Cooking isn’t a performance. We’ll leave that to TV and trendy shows. “Today those who decide to dine out, at a restaurant, are looking for good things, to eat and to sleep well after they have eaten, not the show. TV captures our attention, but reality is another thing. The chef doesn’t need to show off in front of the customer, but instead offer pleasantness: that’s what makes customers come back.” Marco Stabile, chef at Ora d’Aria restaurant on via dei Georgofili in Florence, has no doubts: Michelin-starred and TV star are not synonyms. “It’s necessary that we also work to better people’s gastronomic culture, which is often lacking. Today there is great confusion about consuming products; just look at what’s happening in the world of gluten free, it’s become a fad that has attracted many people who aren’t even intolerant. Every so often there’s some alarm and we aren’t able to evaluate and understand when we have to stay truly attentive and what choices to make.”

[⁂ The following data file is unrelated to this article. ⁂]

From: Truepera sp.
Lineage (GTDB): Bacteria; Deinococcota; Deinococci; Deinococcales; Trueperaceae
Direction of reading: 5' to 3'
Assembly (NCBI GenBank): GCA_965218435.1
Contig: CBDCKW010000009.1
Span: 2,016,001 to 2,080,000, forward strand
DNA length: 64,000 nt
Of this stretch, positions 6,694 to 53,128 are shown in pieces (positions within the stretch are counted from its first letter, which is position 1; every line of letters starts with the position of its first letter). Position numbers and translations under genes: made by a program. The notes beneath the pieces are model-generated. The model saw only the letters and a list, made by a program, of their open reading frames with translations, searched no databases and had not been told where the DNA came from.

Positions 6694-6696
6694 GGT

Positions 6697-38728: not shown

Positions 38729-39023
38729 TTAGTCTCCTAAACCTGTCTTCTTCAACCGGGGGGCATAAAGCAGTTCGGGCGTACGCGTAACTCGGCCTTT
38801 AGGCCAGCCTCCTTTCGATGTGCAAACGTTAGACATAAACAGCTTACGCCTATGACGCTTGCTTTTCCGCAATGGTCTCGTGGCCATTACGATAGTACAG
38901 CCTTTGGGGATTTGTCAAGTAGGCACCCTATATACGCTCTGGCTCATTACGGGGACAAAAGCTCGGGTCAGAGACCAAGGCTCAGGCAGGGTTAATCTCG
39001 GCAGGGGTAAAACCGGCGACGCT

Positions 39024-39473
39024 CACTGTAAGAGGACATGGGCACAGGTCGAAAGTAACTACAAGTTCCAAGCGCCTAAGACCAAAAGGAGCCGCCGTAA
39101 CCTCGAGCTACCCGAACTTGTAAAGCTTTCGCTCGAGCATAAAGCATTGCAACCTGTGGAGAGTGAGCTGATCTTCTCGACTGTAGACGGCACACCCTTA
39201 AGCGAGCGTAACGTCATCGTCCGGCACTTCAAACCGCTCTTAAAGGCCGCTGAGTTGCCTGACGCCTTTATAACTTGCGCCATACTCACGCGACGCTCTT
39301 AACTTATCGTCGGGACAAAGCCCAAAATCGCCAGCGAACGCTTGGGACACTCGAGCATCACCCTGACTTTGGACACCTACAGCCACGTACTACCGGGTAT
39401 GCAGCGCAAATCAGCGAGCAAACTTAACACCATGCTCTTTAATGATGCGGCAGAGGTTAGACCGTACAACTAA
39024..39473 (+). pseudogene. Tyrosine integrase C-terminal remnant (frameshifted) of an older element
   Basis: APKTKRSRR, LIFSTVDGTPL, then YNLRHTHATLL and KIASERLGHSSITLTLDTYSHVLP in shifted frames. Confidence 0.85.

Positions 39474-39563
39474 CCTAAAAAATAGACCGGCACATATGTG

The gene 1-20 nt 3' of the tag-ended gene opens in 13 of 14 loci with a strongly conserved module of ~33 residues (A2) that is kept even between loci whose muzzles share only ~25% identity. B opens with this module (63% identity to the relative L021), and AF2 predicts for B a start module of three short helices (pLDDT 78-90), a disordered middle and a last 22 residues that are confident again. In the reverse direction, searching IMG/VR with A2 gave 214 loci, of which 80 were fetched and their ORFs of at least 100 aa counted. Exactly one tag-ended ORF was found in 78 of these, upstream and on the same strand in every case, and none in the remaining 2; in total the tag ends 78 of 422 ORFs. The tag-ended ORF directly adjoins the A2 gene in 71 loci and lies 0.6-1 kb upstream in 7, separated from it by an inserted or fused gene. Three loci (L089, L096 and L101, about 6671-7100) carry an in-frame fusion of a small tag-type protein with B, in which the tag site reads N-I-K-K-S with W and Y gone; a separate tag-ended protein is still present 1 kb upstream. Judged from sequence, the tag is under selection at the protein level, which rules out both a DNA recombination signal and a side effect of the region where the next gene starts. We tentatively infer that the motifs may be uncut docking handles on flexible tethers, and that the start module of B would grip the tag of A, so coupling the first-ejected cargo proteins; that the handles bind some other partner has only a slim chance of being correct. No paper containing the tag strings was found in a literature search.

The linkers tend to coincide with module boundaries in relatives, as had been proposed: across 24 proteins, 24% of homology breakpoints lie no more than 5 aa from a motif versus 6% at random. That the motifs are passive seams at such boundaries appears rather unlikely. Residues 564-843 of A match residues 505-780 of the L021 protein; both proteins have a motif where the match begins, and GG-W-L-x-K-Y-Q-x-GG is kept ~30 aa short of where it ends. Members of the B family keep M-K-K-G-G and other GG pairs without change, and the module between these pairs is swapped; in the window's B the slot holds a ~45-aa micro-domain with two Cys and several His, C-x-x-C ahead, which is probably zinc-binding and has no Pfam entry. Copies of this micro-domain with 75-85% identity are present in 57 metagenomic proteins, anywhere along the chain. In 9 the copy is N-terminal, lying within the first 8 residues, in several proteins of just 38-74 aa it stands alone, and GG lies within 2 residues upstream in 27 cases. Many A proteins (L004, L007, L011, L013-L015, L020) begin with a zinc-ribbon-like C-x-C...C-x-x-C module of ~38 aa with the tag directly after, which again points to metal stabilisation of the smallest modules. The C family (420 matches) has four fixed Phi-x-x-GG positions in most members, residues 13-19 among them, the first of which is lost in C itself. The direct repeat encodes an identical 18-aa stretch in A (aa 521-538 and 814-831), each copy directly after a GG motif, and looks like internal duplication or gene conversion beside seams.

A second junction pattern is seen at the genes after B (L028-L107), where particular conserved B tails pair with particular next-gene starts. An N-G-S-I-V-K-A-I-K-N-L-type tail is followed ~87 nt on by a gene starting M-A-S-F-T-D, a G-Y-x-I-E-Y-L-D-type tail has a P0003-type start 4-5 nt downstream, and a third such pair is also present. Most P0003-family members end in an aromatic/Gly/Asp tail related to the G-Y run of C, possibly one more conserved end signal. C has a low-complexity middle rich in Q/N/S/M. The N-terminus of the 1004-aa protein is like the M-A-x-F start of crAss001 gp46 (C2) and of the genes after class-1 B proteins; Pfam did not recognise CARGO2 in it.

A kitchen, that of Marco Stabile, that originates in tradition but…
“But next to tradition there’s also my personal influence, that brings the dishes to the present and to the future, modernized by introducing new invisible ingredients, and also aromas taken from other cultures, like the East, to give the dishes freshness.”
Behind it all there’s attention to the product.
“Everything starts from there: first the raw material and then technique, because in the stages of cooking the characteristics of the products must be respected.”
What remains of Nouvelle Cuisine?
“Luckily there isn’t a trace, meanwhile you can feel the influence of molecular cooking and this helps, because it draws attention to what you put in the pot.”
“Ora d’Aria” is a little bit your laboratory and kingdom. But do you have any other long-cherished dreams?
“I would like to continue here, but at the same time, I feel a little boxed in. I would like to try other forms of culinary expression, maybe with a broader audience. I’m ready for other experiences.”